0

Seven Possible Scenarios For Manned Interstellar Travel

fb share tweet share

starshipSince we learned that Voyager 1 has been in interstellar space for over a year, it’s become a bit easier to imagine that someday humans might follow. At the moment, we’re a bit more focused on getting humans to Mars and watching how that goes on reality TV, but scientists are thinking big and many of them believe that we can make major strides in interstellar travel in the next 100 years. That is, if the government gets its act together.

Of course, while some scientists believe colonizing space is an eventuality, others believe it’ll never happen, and some, including NASA’s former Breakthrough Propulsion Physics Project head, Marc Millis, question the claim that we could reach the stars this century. The problem is that we don’t currently know of a way to power these trips, and even when we do figure that out, it’ll take a while to implement those technologies in interstellar spacecraft. Still, even Millis is game to try — he founded the Tau Zero Foundation to research technologies that might propel us beyond the solar system.

0

NASA Launching Sunjammer Solar Sail In November 2014

fb share tweet share

NASA's SunjammerNASA will be setting a new record in November 2014. That’s when they plan to deploy the largest solar sail ever, a craft dubbed “Sunjammer.” It takes its name from an Arthur C. Clarke short story about a solar-sail yacht race.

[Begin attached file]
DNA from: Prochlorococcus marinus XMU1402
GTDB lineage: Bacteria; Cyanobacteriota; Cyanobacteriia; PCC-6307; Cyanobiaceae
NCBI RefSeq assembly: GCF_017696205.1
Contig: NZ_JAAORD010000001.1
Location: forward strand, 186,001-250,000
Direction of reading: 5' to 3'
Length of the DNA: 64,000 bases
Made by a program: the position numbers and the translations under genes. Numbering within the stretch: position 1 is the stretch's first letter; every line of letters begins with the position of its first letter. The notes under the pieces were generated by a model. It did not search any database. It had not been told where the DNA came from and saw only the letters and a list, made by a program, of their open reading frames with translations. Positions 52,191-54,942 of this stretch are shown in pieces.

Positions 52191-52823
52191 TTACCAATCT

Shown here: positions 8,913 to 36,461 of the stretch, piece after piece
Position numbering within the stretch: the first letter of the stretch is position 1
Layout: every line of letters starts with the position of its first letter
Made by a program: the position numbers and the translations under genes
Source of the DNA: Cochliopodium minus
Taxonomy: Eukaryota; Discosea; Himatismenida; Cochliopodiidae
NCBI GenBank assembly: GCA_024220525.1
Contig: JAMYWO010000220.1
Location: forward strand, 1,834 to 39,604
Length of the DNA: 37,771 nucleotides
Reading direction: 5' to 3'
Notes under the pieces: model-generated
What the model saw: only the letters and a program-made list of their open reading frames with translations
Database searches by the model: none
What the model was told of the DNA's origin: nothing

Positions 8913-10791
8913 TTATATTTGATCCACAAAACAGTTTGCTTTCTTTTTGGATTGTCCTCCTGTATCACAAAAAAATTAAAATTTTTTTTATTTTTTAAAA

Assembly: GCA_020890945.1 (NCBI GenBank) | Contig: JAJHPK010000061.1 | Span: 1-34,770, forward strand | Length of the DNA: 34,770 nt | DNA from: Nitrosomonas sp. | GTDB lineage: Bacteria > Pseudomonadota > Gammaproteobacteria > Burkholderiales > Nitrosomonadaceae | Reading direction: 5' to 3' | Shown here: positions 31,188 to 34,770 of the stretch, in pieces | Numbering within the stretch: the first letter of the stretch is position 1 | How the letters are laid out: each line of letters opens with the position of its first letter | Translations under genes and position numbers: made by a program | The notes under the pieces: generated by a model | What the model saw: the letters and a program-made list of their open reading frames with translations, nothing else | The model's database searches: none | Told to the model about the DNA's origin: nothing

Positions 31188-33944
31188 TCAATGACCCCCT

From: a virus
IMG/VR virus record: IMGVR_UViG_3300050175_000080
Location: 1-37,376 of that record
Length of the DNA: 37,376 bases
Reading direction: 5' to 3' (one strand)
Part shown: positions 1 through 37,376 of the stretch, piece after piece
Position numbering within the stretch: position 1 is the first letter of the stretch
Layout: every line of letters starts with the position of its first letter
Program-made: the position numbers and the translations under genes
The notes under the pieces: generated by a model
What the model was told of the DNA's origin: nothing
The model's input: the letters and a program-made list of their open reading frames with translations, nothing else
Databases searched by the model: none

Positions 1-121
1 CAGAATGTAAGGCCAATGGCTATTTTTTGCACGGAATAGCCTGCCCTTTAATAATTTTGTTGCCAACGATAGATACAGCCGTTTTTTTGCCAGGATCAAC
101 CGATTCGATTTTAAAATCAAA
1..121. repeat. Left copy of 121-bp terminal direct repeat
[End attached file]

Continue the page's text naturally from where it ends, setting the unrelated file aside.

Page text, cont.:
Nearly a quarter of the size of a football field The Sunjammer‘s sails will have a surface area of 13,000 square feet. The sail will be constructed by L’Garde Inc. in Tustin, California, and Sunjammer will hitch a ride skyward atop a SpaceX Falcon 9 rocket. Nathan Barnes, L’Garde’s chief operating officer and executive vice president, said, “With this sail, we’re targeting our end goal somewhere in the neighborhood of 1,864,114 miles (3 million kilometers) distance from the Earth.”

Solar sails are a form of “propellantless propulsion.” Just as traditional sails rely on the wind to push a boat, solar sails use photons from our sun to push a craft along. Since they don’t require any fuel, solar sails could be uniquely suited to missions such as observing the sun or visiting near-Earth asteroids. Lee Johnson is deputy manager of the Advanced Concepts Office at NASA’s Marshall Space Flight Center in Huntsville, Ala. He said of Sunjammer:

0

NASA Launching World’s Largest Solar Sail In 2014

fb share tweet share

It’s been many years since gas prices were at a level that was actually fitting for the product’s worth. But for all the griping I could do, I can’t deny the convenience of a gas station. If I’m traveling somewhere far, I don’t have to worry about stocking up all the fuel I’d need beforehand, because I know I can just stop at some point along the way. Astronauts and their spacecraft do not have this luxury, and as such, the freedom of space travel has been a limited commodity for humankind. But let’s imagine a craft that wouldn’t need the heavy, space-wasting bulk of liquid propellant in order to travel from one planet to the next.

The only way to travel.

The only way to travel.